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MonkeyNotes-The Killer Angels by Michael Shaara
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FOREWORD--the "before" picture

The novel begins with an omniscient present-tense overview of the Union and Confederate forces, the army leaders, and the surroundings. This introduction to the book is like a "before picture," which--contrasted with the afterword--gives the reader a better idea of the transitions that took place during the battle.

The foreword first juxtaposes the gray (Confederate ) and the blue armies as they stand in the third year of the war (June 1863), directly before the Battle of Gettysburg (July 1-3). The Confederates are moving deeper into the North (towards Harrisburg, PA) and want to draw the Union army out into the open for a conclusive battle. The Union army gives chase under shaky leadership.

Shaara introduces the nine key Confederate characters (Lee, Longstreet, Pickett, Ewell, Hill, Armistead, Garnett, Stuart, and Early) and the main five Union characters (Chamberlain, Buford, Reynolds, Meade, and Hancock).

The soldiers’ advance north through Maryland and Pennsylvania is marked by heat and rain; the local civilians have fled and left vacant towns to greet the marching soldiers.

Point of View

3 rd person omniscient present tense

Shaara used a third-person omniscient point of view in the present tense for the forward. He wrote the rest of the book in past tense, but used present tense for this section because it gives a sense of imminent action.

"Omniscient" means that the narrator knows all, so even though a chapter might be told from Longstreet or Chamberlain’s point of view, the reader is still told about events that Longstreet or Chamberlain do not know about.

The narrator clearly has knowledge of the future: "Lee had been down that Spring with the first assault of the heart disease which will eventually kill him." (p.xvi)


Specific language, foreshadowing, & juxtaposition

Shaara’s style is simple and straightforward. He uses short sentences and low to neutral diction (he sometimes uses slang in the narration but generally avoids excessively flowery or complex phrases).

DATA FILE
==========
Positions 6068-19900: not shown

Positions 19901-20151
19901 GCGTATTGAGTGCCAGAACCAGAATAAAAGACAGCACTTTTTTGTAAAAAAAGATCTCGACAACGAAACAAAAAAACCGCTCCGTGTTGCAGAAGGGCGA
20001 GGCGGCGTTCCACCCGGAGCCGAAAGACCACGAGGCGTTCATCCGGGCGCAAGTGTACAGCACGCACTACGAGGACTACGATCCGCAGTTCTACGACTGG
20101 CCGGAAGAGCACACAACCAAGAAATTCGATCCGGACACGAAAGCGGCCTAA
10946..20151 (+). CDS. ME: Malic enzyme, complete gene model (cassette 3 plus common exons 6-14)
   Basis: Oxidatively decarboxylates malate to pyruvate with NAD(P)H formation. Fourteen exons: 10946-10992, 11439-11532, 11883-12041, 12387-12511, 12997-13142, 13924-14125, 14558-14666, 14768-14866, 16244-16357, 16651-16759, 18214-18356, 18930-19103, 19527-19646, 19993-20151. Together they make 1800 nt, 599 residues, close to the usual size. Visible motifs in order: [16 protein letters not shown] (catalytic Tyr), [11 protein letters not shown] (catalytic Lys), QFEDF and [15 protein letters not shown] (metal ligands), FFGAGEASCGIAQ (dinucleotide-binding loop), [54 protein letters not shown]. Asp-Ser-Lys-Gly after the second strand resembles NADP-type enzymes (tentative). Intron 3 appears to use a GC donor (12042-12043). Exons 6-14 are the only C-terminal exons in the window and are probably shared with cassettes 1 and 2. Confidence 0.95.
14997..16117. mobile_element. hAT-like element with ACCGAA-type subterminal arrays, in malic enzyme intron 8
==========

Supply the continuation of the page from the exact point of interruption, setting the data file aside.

Specific Language: Lee is "five feet ten inches tall but very short in the legs, so that when he rides a horse he seems much taller." These details enable readers to become more engrossed in the setting and imagine what it would be like to be there. Through such seemingly inconsequential details (physical appearance, eccentric habits, gossip) Shaara creates believable characters.

Dramatic irony: Dramatic irony occurs when a character misjudges a situation while readers see everything correctly. Because this work of historical fiction is closely based on the Civil War battle at Gettysburg, the reader knows what’s going to happen at the end of the book and beyond. Since readers know the Confederacy is going to lose both the battle and the war and that the conflict will drag on for two more years, they find it amusing when Pickett "worries constantly that he will miss the last great battle of the war." (p.xvii) Lee’s knowledge that a letter offering peace is to be sent to Lincoln after the Confederate victory is ironic for the same reasons. (p. xvi)

Foreshadowing: The readers’ knowledge of what’s going to happen also makes foreshadowing a little awkward, but Shaara manages. Ewell "approaches Gettysburg unsure of himself." Ewell will later hesitate to take an enemy position as ordered. Longstreet "opposed the invasion of Pennsylvania." The invasion fails mainly because Lee did not heed Longstreet’s advice to fight more defensively. Armistead "looks forward to the reunion with Hancock, which will take place at Gettysburg." This last example is less foreshadowing and more a blatant explanation of what’s going to happen, but the line between the two is thin in the field of historical fiction.

Historical irony: The Rebs--who are low on food, shoes, clothing, payment, and education--are much more high-spirited and successful than the well-stocked Union army. This is due in part to their unity, as mentioned in the Union vs. Confederacy theme.

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MonkeyNotes-The Killer Angels by Michael Shaara


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